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What might also be off-putting to potential readers is the book being, essentially, 350 pages of internal monologue.  External events are filtered heavily through the thought processes of the central character.  But the narrational voice describing the bizarre goings-on, protocols, customs and rituals that the political circumstances have engendered in the neighbourhood is consistently droll and frequently hilarious.  It’s particularly (if blackly) funny when talking about the misfits that the situation has inevitably produced.  Certain folk have lost their marbles or become recklessly anarchic, so that ‘normal’ members of the community call them the ‘beyond-the-pale’ people – like tablets girl, a sad and deranged soul who wanders around slipping poisons into people’s drinks; and nuclear boy, a youth convinced that Armageddon is coming courtesy of a war between the USA and USSR; and the issues women, a septet of ladies who hold regular meetings in a garden shed and who, to the local paramilitaries’ discomfort, have resolved to impose a feminist solution on the conflict. 

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I’ll admit there were occasional patches where the narrational voice got a little too introspective and I had to apply some willpower to get through a few pages.  Not that the main character is dull, but in terms of being interesting, she can’t compete with the details of the weird landscape around her.

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The humour is what I liked most about Milkman.  It’s a novel about the Northern Irish Troubles that manages to be funny, something that can’t be said of other novels about the subject that I’ve read over the years, such as Bernard MacLaverty’s Cal (1983) or Eoin McNamee’s Resurrection Man (1994).  From the period I spent living there, I’ve always remembered Northern Ireland as a very humorous place, even if the humour was often a defence mechanism against the horrors that were occurring at the same time.  And I also liked Milkman because, despite the ordeal it puts its heroine through, it’s ultimately an optimistic and transcendental work.  As the wildly-philosophical French teacher implores: “Implement a choice…  Come out from those places.  You never know… the moment of the fulcrum, the pivot, the turnaround, the instant when the meaning of it all will appear.”  Perhaps it does appear, fleetingly, at the end.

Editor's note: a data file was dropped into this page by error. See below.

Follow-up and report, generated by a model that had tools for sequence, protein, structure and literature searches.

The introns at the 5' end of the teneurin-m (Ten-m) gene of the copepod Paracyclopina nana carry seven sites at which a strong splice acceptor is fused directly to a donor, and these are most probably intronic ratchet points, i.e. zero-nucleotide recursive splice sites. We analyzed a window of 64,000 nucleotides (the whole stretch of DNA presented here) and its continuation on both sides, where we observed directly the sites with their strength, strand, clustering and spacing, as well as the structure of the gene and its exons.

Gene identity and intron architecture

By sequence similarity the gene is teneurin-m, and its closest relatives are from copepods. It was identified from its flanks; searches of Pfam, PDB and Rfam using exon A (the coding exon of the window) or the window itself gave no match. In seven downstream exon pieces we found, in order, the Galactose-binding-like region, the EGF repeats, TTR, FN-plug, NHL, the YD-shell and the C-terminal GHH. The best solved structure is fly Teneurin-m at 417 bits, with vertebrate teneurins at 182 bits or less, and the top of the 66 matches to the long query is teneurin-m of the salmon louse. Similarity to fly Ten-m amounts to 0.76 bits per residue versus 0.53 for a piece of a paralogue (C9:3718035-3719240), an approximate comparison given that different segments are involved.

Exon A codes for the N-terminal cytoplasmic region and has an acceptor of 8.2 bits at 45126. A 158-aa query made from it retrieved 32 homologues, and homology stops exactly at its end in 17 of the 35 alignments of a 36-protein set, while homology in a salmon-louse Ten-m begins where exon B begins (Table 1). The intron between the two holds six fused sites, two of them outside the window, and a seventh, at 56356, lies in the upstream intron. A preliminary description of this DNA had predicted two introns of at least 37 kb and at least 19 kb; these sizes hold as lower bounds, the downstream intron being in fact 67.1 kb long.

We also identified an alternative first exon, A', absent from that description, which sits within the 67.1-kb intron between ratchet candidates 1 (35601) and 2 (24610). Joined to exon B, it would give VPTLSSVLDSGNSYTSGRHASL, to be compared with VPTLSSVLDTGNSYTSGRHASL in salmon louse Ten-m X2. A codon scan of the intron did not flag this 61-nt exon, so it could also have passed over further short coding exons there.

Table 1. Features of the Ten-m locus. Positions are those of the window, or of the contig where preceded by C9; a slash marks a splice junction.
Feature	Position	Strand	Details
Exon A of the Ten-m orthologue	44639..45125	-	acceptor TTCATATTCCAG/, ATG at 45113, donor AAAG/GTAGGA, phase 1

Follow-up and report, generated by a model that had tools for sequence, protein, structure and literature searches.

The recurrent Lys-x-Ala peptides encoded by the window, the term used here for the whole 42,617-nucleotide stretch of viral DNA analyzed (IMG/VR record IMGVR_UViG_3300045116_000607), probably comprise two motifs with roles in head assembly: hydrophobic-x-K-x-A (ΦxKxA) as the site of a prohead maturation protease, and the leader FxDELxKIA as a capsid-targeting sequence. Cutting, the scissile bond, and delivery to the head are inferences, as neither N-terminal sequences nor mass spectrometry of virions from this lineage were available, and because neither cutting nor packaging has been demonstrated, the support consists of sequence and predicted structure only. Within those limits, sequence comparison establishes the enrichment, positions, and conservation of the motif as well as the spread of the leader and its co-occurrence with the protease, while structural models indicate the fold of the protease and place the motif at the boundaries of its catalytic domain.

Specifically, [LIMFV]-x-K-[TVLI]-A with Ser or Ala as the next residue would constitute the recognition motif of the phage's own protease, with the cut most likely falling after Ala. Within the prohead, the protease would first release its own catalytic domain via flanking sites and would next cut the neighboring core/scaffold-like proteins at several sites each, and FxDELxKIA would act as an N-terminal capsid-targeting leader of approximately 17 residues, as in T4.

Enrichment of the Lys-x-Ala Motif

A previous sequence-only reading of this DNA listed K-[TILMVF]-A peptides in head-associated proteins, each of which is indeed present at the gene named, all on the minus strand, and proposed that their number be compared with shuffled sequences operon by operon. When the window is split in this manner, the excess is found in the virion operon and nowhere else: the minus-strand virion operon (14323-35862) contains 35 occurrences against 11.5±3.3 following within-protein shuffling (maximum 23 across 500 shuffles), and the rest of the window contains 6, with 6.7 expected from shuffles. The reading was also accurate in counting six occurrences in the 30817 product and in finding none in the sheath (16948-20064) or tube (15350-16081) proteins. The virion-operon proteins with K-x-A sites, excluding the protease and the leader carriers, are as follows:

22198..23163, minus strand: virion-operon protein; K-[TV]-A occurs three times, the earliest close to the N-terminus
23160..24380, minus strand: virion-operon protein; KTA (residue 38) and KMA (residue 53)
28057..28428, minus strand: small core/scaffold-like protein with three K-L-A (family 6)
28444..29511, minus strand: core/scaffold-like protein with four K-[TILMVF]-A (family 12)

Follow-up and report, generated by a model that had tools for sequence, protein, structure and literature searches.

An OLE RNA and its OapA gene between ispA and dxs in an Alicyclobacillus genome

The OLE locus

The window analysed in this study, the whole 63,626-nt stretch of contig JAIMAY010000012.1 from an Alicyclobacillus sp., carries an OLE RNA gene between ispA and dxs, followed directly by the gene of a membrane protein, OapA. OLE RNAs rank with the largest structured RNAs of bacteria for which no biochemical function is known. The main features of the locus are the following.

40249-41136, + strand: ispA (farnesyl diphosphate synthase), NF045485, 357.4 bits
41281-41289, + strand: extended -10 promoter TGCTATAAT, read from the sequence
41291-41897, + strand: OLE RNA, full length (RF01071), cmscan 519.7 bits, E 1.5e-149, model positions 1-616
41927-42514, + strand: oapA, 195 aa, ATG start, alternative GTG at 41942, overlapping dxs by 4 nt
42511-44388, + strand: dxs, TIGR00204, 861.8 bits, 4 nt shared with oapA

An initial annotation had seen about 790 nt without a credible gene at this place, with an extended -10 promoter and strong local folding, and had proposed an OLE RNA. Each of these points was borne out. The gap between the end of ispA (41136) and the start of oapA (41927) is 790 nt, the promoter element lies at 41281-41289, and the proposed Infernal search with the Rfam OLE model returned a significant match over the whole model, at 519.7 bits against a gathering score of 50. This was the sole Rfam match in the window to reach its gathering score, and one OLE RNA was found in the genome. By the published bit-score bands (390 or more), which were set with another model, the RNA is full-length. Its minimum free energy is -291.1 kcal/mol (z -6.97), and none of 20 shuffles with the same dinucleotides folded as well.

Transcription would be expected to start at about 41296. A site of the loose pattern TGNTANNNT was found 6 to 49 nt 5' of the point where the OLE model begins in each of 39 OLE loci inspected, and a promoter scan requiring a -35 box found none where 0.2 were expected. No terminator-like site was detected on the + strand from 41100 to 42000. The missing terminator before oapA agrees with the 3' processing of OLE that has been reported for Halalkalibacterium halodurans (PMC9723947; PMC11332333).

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Wordsworth’s ghosts

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I’ve read a lot of 19th century ghost stories recently.  This is no doubt because Christmas was a month ago and Christmas is the season par excellence for mixing yourself a hot toddy, turning the lights low, hunkering down with a book and reading good, old-fashioned ghost stories. 

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The stories in question have featured in collections published by Wordsworth Editions in its series Tales of Mystery and the Supernatural.  I’ve picked up a number of these at library clearance sales and in second-hand bookshops in Sri Lanka and Thailand over the past year.  The last time I checked, Wordsworth’s Mystery and the Supernatural series consisted of 80 different titles and they’re an admirable balance between works by authors who are well-known, like H.P. Lovecraft, M.R. James, Edgar Wallace, Edith Wharton and Henry James, and works by authors who aren’t – or, in some cases, were famous once but have now disappeared off the reading public’s radar.  By acquainting modern readers with writers in the latter category, the series performs an invaluable service.  It was through reading one of its books a few years ago, for instance, that I discovered the excellent but now neglected writer May Sinclair, about whom I wrote here.

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Anyway, I’ve just finished reading Wordsworth collections by Amyas Northcote, Gertrude Atherton and J.H. Riddell.  How do their ghost stories measure up?

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(c) Wordsworth Editions

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Amyas Northcote is the most elusive figure of the three.  His Wikipedia entry merely states that he was the seventh son of the First Earl of Iddesleigh – Benjamin Disraeli’s Chancellor of the Exchequer; he was a businessman in Chicago at one time and a Justice of the Peace in Buckinghamshire at another; and he “wrote ghost stories in the line of those of M.R. James, which were compiled in his only book, In Ghostly Company.”  One likely reason why Company was Northcote’s only book was because it was published in 1921 and he died soon afterwards in 1923, before he had much chance to follow it with further fiction, ghostly or otherwise.